A week ago, when President Obama delivered his first message on the crisis in Crimea, pundits were quick to criticize him for lack of substance. “President Obama Speaks on Ukraine, Says Virtually Nothing,” read the headline at Slate.
A few days later, he warned there would be “costs” for any military intervention in Ukraine. It was a vague threat, and Obama showed no interest in expanding on it or spelling out exactly what he meant by Russian military intervention.
For this he’s been criticized by conservatives like The Washington Post‘s Marc Thiessen, who wrote in a Monday column that “Obama’s weakness emboldens Putin.” So far, however, aside from Thiessen and the Sarah Palin types intent on making petty attacks on the president’s machismo, his approach seems to be going pretty well.
If Obama learned anything from the confrontation with Syria this fall, it’s that it’s best not to box your administration in with rhetoric. Obama famously backed himself into a corner with regard to military intervention in Syria’s civil war back in August 2012 with his reportedly unscripted “red line” utterance. If “we starting seeing a whole bunch of chemical weapons moving around or being utilized,” that would be a “red line” that would “change my equation,” Obama said at the time.
A year later, that red line promise would come back to haunt him. In a piece titled “Obama’s Foreign Policy by Faux Pas,” National Journal described how that “red line” became the administration’s official position and that “the genie couldn’t be put back into the bottle.” (That is, until another unscripted remark, this one from Secretary of State John Kerry, miraculously saved the day.)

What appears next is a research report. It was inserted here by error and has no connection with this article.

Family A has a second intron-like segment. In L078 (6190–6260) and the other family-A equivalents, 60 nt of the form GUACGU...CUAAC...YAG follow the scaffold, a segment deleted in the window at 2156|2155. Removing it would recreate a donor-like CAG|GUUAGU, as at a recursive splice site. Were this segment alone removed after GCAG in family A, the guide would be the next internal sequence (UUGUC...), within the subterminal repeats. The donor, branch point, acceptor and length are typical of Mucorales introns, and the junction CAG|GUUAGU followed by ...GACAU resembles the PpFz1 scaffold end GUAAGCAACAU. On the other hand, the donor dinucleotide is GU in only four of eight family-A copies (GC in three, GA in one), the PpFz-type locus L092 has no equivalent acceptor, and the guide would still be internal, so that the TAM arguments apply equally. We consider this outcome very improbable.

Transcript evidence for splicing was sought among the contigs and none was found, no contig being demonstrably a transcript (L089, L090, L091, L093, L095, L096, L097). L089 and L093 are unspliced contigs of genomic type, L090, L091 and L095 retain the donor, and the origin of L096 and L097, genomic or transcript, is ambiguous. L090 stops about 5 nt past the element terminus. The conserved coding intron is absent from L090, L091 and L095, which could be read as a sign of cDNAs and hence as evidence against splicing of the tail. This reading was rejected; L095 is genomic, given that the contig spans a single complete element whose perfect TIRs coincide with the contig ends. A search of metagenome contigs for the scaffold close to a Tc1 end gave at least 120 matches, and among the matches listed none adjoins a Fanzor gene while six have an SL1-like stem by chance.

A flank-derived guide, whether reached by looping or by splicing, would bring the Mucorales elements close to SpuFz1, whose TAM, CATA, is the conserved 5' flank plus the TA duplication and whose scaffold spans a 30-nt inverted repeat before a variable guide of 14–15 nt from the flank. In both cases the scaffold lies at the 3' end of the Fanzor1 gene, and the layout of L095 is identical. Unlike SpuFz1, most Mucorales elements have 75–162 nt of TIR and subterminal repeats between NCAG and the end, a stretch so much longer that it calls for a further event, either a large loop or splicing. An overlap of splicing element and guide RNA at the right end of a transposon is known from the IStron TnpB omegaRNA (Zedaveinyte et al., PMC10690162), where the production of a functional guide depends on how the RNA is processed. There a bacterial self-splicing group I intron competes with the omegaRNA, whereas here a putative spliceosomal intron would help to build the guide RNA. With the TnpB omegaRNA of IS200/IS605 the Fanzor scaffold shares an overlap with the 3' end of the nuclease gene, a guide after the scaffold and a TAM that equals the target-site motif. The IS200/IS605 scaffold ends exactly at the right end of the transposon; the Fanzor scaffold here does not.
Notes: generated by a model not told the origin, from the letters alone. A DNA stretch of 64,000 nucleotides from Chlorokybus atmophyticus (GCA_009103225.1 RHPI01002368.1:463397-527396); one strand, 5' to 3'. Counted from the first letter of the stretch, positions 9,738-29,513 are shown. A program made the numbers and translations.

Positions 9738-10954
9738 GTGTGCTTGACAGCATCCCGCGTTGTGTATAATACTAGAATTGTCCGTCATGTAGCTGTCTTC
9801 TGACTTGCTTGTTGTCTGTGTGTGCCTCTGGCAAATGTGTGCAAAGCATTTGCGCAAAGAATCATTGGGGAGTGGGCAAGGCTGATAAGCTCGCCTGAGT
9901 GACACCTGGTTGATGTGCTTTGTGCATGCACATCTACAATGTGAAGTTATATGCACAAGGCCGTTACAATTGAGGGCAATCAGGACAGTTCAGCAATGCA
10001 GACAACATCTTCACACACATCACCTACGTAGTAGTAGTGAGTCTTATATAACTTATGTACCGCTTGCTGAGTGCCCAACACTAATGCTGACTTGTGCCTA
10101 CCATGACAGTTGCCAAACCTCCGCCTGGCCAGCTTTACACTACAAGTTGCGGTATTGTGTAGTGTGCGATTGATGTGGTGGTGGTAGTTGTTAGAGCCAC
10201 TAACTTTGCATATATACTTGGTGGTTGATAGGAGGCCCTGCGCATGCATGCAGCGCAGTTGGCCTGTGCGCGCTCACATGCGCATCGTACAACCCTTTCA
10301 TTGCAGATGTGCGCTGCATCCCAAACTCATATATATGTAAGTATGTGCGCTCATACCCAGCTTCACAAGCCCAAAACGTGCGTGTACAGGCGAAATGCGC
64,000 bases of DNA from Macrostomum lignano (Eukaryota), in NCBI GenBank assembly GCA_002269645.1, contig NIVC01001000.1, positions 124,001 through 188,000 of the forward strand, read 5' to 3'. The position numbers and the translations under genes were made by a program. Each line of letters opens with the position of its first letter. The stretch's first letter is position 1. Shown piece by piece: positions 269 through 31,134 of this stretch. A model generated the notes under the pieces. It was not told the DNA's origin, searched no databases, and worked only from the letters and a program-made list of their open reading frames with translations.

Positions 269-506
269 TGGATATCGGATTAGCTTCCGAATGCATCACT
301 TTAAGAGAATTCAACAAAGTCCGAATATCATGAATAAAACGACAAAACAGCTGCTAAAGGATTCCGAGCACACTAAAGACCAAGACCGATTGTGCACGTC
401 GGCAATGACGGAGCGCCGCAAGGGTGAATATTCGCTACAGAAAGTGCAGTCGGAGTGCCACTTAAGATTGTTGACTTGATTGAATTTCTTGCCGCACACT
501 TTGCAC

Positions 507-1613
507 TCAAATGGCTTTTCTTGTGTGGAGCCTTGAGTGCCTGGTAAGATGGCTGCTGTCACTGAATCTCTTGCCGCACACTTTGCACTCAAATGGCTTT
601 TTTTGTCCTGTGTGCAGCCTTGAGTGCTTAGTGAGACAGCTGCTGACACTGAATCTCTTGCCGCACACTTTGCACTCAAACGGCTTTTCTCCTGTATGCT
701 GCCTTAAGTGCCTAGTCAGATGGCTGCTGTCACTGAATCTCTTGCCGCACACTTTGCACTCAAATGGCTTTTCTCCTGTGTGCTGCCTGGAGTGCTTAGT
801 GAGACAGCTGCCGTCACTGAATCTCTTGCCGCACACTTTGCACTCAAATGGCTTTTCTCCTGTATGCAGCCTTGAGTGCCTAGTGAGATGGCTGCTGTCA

In fact, Obama was still taking flak for his handling of the situation in Syria as recently as Friday morning, when Oliver North, a contributor on Fox News, made a jab at the president during his speech at the Conservative Political Action Conference, accusing Obama of drawing “phony red lines with a pink crayon.”
He isn’t making the mistake again. Thursday night Obama and Vladimir Putin had what The New Republic deemed “a very unproductive phone call” in which Obama emphasized resolving the situation diplomatically and coordinating with his European partners.
Obama, it’s clear, is very willing to sit back and let a larger network of forces take their toll on Russia. He isn’t the first American president to be confronted by provocations and military actions from Moscow but he is, as National Journal noted on Thursday, the first to have a broad range of highly effective nonmilitary responses at his disposal.
Putin has brushed off the threat of sanctions and the suspension of preparations for a G-8 organization summit in Sochi in June. But that display of confidence is already ringing hollow.
Russia is more economically isolated than ever before and that means, despite Putin’s resounding shrug, the country is vulnerable. Russian markets have plummeted since Putin expanded forces into Crimea and the ruble is down more than 8 percent since the beginning of the year.
With numbers like those, Obama is perfectly happy to keep playing the waiting game.
What We're Following See More »
Before we get to the specifics of this exposé about escorts working the Iowa and New Hampshire primary crowds, let’s get three things out of the way: 1.) It’s from Cosmopolitan; 2.) most of the women quoted use fake (if colorful) names; and 3.) again, it’s from Cosmopolitan. That said, here’s what we learned: